Bringing the Benefits of Books to Patients at Seattle Children’s

Max Agnew and his mom, Brianna Agnew, eagerly read the book he received from Dr. Lisa Herzig as part of the Neurodevelopmental Clinic’s Reach Out and Read program.

From story time at preschool to reading bedtime stories, books play an important role during childhood.

“Reading together is a critical part of early childhood brain development,” said Dr. Emily Myers, a pediatrician in Seattle Children’s Neurodevelopmental Clinic. “Reading helps children build language and social skills. When stories are a shared experience between kids and their families, it helps build positive, healthy relationships.”

During her residency at the University of Chicago, Myers learned about Reach Out and Read, a national program where primary care providers give new books to children ages 6 months to 6 years during well-child visits. Providers use the books to talk with families about child development and parent/child relationships, and to observe developmental milestones and actions during clinic visits.

Seeing the benefits of Reach Out and Read inspired Myers to bring the program to the hospital.

“I started the program in the Neurodevelopmental Clinic because I was struck by how many families didn’t have books at home,” she said. “I found that there were a variety of reasons why they didn’t have books or read with their children. Reach Out and Read breaks down many of these perceived barriers, and families get a book that’s theirs to take home and keep.”

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Meet Our New CEO, Dr. Jeff Sperring

Seattle Children's new CEO, Dr. Jeff Sperring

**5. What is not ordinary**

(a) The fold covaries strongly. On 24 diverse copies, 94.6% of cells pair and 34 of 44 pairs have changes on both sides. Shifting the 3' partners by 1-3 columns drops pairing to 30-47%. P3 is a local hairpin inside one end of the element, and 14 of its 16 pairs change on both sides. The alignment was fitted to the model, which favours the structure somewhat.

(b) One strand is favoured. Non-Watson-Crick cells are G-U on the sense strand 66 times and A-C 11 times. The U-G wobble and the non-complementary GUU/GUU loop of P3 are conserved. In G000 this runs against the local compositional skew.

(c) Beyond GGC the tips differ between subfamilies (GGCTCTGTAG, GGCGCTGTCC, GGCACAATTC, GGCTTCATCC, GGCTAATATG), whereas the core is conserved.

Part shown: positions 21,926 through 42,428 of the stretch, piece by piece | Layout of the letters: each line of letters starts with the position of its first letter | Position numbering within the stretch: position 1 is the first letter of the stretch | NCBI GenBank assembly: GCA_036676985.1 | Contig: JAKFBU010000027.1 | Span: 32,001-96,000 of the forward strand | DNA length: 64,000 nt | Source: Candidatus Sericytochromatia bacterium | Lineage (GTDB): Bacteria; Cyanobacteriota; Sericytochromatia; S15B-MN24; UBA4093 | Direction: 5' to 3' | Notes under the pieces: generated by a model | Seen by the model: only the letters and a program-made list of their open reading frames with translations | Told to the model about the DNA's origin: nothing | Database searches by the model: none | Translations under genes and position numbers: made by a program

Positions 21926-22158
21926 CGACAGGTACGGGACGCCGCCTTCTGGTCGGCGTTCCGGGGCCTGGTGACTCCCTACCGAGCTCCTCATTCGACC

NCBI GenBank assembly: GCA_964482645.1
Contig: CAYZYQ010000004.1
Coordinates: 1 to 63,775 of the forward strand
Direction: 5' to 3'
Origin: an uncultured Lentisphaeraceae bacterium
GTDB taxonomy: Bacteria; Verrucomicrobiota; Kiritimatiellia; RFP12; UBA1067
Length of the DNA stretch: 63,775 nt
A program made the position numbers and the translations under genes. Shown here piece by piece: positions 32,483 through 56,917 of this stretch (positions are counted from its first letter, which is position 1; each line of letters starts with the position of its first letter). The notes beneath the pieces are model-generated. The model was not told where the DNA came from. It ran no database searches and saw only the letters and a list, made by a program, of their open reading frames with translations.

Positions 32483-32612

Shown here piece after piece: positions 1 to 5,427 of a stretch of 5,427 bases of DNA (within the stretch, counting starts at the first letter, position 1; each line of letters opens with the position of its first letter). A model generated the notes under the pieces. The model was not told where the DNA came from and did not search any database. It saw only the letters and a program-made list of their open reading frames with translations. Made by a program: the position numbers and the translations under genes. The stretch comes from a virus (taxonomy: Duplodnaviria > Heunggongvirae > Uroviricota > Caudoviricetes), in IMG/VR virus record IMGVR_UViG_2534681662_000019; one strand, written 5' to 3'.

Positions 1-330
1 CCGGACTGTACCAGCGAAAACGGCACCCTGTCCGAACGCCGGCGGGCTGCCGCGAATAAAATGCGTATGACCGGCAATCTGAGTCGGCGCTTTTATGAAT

Seattle Children’s new CEO, Dr. Jeff Sperring

This week, the next chapter of Seattle Children’s journey begins with the arrival of our new CEO, Dr. Jeff Sperring. Even though it’s his first week on the job, he is no stranger to leading a world-class pediatric hospital. Sperring most recently served as president and CEO of Riley Hospital for Children at Indiana University Health, one of the largest children’s hospitals in the U.S. He was at Riley since 2002 and also served as Riley’s chief medical officer, associate chief medical officer and director of pediatric hospital medicine.

Sperring earned his medical degree from Vanderbilt University School of Medicine and was a pediatric resident at the Naval Medical Center San Diego. After residency, he served as a United States Navy Medical Corps officer in Twentynine Palms, Calif., for three years. Read full post »

A Tribute to Our CEO, Dr. Tom Hansen

On May 1, Dr. Tom Hansen will step down as Seattle Children’s CEO after 10 years of service. During his leadership, Hansen was known as a visionary with big ideas – big ideas that helped us become one of the best children’s hospitals in the world while getting us closer than ever to achieving our goal of eliminating pediatric disease.

In May, Hansen will pass the CEO baton to Dr. Jeff Sperring, but he has no plans to stop innovating on behalf of Seattle Children’s. He will be returning to his research roots full time, continuing to pursue his passion of helping improve outcomes for premature infants as an investigator at Seattle Children’s Research Institute. In his research, he will focus on the development of low-cost ventilators for premature infants born in low- and middle-income countries. Read full post »